1. Extraction of the immunoglobulin by precipitation with 40% saturated ammonium sulfate.

  2. Dialysis ×3 against phosphate buffered saline (PBS; pH 7.5).

  3. Absorption 1 : 1 with HbFSRBC for four hours at room temperature.

  4. Disposal of the supernatant containing the unabsorbed protein, followed by washing the HbFSRBC with two volumes of PBS.

  5. Elution of the anti-HbF from the HbFSRBC was performed batchwise by two steps.

    1. Shaking with a 1 : 1 volume of 0.2M glycine/HCl (pH 2.7) for five minutes then saving the supernatant by spinning for five minutes at 1010 ×g at 4°C. The supernatant, designated eluate I, was immediately adjusted to pH 7.5 by the addition of 1M Na2HPO4.

    2. The HbFSRBC from (a) were eluted again by shaking them with 1.3 volumes of 0.2M glycine/HCl (pH 2.7) for 15 minutes. The supernatant, designated eluate II, was saved and its pH adjusted as in (a).

  6. Eluates I and II were dialysed ×3 against PBS then diluted 1 : 1 with glycerine for storage at 4°C.

The efficiency of purification was estimated by comparing the ratios of antibody titre to protein concentration, before and after purification. The anti-HbF titre was measured by the graded haemagglutination system,16 and the protein concentration was inferred from the optical density (OD) at 280 mμ.

As a control for the immunohistochemical staining we repeated purification steps 1–6 on normal, unimmunised sheep serum (NSS).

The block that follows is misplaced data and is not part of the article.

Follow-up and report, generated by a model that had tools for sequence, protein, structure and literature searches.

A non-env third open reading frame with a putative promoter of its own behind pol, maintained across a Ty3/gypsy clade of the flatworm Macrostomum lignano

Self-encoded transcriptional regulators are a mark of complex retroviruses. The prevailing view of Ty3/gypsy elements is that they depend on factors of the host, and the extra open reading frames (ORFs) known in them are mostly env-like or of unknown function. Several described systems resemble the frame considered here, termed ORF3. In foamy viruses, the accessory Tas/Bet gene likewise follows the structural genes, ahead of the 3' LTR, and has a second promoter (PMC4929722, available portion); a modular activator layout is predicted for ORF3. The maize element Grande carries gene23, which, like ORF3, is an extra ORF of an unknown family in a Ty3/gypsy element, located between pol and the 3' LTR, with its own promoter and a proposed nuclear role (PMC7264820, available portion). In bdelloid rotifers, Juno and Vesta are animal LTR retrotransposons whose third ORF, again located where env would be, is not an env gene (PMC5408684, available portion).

Immunohistochemical staining

We used the peroxidase labelled avidin–biotin method.18 Formalin fixed, paraffin wax embedded cross sections were cut at 3 μm, dewaxed, then quenched with 3% H2O2 in methanol. The incubation steps were as follows: (1) blocking with normal rabbit serum, diluted 1/10, for 20 minutes; (2) primary antibody (anti-HbF; eluate II), diluted 1/20, for 60 minutes; (3) secondary antibody (affinity purified biotin labelled rabbit antisheep IgG; Zymed Laboratories, San Francisco, California, USA), for 10 minutes; (4) strepavidin–biotin complex (Dako A/S, Glostrup, Denmark), for 10 minutes; and (5) chromagen (DAB solution; Biogenex, San Ramon, California, USA), for four minutes. Steps 2 to 4 were each followed by washing ×2 for two minutes with Tris buffered saline (pH 7.2). The sections were counterstained with Gill’s haematoxylin for 30 seconds, blue differentiated, dehydrated, and mounted. Each section had parallel control staining using the affinity purified NSS immunoglobulin as the primary antibody in step 2.

RESULTS

Affinity purification

The degree of purity was measured by dividing the antibody titre by the OD at 280 mμ. After purification, the purity of the antiserum had increased eightfold (table 1).

Table 1

 Affinity purification of sheep anti-HbF serum

Immunohistochemistry of tumours

To confirm the specificity of our purified anti-HbF we checked it in parallel with the control unimmunised antibody (NSS) on normal placenta. In the blood vessels of the trophoblastic villi of the normal placenta, approximately half the non-nucleated RBC and all the nucleated RBC were positively stained for HbF (fig 1). The control NSS, checked in parallel with the anti-HbF antibody, showed no traces of staining after the application of the chromagen.

Figure 1